# List all images on your account
image = OneAndOne::Image.new

response = image.list

Example App

This simple app creates a load balancer, firewall policy, and server. It then adds the load balancer and firewall policy to the server's initial IP address. You can access a server's initial IP by using the first_ip attribute on the Server class object, as seen in the example below.

The source code for the Example App can be found in the examples/example_app.rb file.

require 'oneandone'

OneAndOne.start('<API-TOKEN>') # Init module with API key

### Create load balancer
load_balancer = OneAndOne::LoadBalancer.new

rule1 = {
  'protocol' => 'TCP',
  'port_balancer' => 80,
  'port_server' => 80,
  'source' => '0.0.0.0'
}

rules = [rule1]

lb1 = load_balancer.create(name: 'Example App LB', description: 'Example Desc',
  health_check_test: 'TCP', health_check_interval: 40, persistence: true,
  persistence_time: 1200, method: 'ROUND_ROBIN', rules: rules)

# Wait for load balancer to deploy
puts "\nCreating load balancer...\n"
puts load_balancer.wait_for

### Create firewall policy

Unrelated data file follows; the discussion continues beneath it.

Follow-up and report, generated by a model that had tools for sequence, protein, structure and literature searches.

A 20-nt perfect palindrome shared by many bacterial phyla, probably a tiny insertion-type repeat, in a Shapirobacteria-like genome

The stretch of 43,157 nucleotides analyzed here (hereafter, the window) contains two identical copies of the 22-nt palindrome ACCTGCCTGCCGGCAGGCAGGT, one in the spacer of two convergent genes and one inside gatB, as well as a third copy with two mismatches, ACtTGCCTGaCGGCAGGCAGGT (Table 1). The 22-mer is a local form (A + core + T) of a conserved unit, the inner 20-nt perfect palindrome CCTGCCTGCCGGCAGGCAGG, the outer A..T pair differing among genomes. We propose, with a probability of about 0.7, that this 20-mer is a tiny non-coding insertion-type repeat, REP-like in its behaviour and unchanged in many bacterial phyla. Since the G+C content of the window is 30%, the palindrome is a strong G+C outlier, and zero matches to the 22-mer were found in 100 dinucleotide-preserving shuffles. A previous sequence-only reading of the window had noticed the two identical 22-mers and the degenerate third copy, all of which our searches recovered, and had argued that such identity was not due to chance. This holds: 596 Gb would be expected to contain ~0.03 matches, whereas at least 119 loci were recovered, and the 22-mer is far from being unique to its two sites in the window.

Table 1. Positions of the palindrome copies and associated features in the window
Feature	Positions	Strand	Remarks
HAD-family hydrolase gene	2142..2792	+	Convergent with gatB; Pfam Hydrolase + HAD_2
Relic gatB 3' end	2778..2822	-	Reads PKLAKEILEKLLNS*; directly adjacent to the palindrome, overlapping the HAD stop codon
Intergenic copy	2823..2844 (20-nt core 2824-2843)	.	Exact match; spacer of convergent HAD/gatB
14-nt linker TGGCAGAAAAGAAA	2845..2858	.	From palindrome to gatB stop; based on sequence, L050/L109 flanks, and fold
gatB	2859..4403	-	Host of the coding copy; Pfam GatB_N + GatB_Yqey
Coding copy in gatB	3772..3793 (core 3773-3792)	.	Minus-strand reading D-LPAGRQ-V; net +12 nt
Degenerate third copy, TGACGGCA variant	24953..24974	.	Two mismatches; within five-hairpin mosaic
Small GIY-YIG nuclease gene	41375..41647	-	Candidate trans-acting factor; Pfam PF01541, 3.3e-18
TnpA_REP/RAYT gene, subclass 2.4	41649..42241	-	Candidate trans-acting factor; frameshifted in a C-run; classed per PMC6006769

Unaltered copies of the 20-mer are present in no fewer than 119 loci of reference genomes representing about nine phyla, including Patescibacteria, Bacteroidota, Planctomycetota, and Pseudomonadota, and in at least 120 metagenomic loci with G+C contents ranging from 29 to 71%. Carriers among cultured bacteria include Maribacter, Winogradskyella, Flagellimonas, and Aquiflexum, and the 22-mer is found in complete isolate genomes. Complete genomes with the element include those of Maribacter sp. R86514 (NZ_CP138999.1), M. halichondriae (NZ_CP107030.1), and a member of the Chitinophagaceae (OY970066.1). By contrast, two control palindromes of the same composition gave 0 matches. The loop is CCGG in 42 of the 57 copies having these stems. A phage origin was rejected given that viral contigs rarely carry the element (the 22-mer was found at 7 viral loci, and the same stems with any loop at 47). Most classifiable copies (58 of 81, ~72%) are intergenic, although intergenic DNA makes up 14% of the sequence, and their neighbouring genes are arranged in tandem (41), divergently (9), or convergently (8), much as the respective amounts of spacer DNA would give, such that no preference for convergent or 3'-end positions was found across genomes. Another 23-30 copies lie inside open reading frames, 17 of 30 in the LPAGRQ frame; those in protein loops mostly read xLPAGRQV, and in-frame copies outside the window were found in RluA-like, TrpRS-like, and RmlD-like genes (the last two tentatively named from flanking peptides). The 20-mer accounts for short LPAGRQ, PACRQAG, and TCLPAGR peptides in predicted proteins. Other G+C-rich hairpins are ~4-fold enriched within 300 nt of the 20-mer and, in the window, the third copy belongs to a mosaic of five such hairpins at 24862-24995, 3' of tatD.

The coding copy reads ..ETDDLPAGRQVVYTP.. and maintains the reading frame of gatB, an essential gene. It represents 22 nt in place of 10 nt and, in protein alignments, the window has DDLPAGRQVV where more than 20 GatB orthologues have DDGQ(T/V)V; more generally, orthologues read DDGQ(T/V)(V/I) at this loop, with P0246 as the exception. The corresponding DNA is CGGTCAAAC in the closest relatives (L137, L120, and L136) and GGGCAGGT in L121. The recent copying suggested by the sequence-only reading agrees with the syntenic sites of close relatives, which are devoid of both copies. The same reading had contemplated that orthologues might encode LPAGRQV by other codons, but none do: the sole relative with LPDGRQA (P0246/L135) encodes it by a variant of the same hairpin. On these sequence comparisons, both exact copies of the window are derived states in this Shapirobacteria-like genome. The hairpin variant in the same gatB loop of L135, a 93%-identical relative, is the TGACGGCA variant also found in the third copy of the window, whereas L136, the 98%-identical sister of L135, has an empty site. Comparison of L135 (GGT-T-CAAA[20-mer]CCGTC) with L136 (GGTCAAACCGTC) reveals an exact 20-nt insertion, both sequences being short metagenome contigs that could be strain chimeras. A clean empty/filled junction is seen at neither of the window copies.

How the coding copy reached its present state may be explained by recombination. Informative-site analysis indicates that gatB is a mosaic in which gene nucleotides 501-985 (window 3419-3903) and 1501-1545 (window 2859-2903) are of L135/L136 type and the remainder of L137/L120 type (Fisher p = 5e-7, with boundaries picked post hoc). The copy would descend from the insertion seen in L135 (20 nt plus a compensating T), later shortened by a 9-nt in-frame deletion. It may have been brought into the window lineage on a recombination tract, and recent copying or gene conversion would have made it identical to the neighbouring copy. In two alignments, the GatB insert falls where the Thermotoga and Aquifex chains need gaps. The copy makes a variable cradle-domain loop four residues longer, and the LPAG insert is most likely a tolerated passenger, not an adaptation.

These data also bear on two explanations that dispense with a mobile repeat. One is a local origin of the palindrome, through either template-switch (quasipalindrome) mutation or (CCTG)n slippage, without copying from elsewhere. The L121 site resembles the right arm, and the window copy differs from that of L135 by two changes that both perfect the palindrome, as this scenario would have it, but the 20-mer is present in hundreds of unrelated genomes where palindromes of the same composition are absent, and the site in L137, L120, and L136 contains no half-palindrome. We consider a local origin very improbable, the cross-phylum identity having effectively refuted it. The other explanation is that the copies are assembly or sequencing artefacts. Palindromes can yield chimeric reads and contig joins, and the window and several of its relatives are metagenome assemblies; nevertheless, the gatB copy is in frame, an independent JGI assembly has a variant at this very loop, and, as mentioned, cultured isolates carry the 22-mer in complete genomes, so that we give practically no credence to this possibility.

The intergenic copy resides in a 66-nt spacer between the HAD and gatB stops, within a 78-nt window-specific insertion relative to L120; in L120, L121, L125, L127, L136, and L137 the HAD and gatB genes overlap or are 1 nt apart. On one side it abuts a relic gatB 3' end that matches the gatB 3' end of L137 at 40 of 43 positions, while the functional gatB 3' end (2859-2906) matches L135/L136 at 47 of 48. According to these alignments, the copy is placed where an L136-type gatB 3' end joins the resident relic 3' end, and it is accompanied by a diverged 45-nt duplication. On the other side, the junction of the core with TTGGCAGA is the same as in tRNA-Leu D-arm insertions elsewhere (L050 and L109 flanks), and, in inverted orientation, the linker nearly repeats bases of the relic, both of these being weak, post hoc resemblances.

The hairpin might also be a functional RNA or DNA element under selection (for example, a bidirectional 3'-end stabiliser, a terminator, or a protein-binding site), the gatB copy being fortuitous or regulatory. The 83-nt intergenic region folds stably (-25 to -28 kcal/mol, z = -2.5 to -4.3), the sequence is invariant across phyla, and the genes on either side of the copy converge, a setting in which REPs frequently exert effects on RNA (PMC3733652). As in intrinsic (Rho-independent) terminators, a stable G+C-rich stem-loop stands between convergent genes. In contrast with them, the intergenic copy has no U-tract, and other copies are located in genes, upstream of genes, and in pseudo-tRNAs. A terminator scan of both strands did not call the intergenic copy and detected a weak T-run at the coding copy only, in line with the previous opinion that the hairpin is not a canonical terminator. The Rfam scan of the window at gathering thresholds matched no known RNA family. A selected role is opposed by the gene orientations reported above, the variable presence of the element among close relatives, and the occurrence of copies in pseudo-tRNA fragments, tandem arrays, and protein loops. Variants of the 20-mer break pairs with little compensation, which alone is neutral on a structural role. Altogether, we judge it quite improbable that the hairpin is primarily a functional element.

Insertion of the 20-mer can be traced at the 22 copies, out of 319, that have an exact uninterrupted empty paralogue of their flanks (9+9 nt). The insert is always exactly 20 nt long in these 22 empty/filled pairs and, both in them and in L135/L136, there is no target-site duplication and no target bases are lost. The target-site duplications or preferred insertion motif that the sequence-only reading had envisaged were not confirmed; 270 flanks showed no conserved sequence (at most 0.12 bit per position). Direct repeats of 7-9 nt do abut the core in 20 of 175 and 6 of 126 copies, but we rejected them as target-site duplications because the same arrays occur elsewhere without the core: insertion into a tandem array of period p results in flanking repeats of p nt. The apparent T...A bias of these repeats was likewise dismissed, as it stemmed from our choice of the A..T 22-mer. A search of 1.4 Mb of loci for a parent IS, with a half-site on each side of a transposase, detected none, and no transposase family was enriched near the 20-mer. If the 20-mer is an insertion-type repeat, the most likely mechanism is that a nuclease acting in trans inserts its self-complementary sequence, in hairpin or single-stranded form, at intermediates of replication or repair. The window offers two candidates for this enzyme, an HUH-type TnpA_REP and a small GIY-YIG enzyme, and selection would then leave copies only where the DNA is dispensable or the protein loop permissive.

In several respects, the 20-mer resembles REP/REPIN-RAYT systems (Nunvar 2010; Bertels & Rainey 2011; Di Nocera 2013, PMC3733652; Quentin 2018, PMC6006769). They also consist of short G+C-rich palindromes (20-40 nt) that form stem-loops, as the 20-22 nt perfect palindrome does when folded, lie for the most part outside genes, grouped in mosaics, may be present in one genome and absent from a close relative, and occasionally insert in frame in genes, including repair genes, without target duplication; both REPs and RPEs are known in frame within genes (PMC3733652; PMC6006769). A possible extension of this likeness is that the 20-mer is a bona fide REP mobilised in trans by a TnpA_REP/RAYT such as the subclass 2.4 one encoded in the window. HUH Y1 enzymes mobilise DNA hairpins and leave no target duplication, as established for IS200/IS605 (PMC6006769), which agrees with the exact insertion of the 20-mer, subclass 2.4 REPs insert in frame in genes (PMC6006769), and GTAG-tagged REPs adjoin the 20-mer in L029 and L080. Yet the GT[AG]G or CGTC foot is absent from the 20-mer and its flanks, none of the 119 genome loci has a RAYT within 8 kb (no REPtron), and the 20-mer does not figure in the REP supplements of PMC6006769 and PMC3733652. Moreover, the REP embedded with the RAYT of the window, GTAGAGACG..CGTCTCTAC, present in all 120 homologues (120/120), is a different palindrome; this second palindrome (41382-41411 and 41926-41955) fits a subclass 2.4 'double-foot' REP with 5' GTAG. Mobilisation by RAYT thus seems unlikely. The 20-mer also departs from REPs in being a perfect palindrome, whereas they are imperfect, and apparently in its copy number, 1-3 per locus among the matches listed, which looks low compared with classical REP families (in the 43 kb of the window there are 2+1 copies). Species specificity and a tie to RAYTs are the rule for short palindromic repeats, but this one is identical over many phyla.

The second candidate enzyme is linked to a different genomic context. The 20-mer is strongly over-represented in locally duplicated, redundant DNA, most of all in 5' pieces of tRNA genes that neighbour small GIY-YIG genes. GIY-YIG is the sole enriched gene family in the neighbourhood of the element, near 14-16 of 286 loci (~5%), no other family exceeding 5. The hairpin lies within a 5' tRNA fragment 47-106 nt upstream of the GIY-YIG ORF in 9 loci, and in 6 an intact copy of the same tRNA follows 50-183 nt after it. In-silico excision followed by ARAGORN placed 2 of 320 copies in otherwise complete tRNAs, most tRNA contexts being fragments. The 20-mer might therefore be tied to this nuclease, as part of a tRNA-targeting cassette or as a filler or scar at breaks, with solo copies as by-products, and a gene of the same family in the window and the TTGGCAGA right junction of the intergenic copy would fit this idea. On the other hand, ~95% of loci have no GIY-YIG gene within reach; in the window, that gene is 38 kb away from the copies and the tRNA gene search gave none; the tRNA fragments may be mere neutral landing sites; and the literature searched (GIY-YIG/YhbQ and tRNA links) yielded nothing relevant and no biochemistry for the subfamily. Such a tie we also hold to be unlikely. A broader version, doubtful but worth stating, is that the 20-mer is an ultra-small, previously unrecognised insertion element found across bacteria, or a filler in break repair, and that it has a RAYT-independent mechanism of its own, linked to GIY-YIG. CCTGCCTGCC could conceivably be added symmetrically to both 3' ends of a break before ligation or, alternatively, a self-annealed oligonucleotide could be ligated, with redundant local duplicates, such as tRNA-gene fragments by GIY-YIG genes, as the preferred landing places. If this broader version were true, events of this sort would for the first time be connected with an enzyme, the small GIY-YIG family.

firewall = OneAndOne::Firewall.new

rule1 = {
  'protocol' => 'TCP',
  'port_from' => 80,
  'port_to' => 80,
  'source' => '0.0.0.0'
}

rules = [rule1]

fp1 = firewall.create(name: 'Example App Firewall', description: 'Example Desc',
  rules: rules)

# Wait for firewall policy to deploy
puts "\nCreating firewall policy...\n"
puts firewall.wait_for

### Create a server
server = OneAndOne::Server.new

server1 = server.create(name: 'Example App Server',
  fixed_instance_id: '65929629F35BBFBA63022008F773F3EB',
  appliance_id: '6C902E5899CC6F7ED18595EBEB542EE1',
  datacenter_id: '5091F6D8CBFEF9C26ACE957C652D5D49')

# Wait for server to deploy
puts "\nCreating server...\n"
puts server.wait_for

### Add the load balancer to the server's initial IP
response = server.add_load_balancer(ip_id: server.first_ip['id'],
  load_balancer_id: load_balancer.id)

# Wait for load balancer to be added
puts "\nAdding load balancer to server IP...\n"
puts server.wait_for

### Add the firewall policy to the server's initial IP
response = server.add_firewall(ip_id: server.first_ip['id'],
  firewall_id: firewall.id)

# Wait for firewall policy to be added
puts "\nAdding firewall policy to server IP...\n"
puts server.wait_for
puts "\nEverything looks good!"

### Cleanup
puts "\nLet's clean up the mess we just made.\n"

puts "\nDeleting server...\n"
server.delete
puts "Success!\n"

puts "\nDeleting firewall policy...\n"
firewall.delete
puts "Success!\n"

puts "\nDeleting load balancer...\n"
load_balancer.delete
puts "Success!\n"

puts "\nAll done!\n"

Updated 6/22/2017

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Tags: Ruby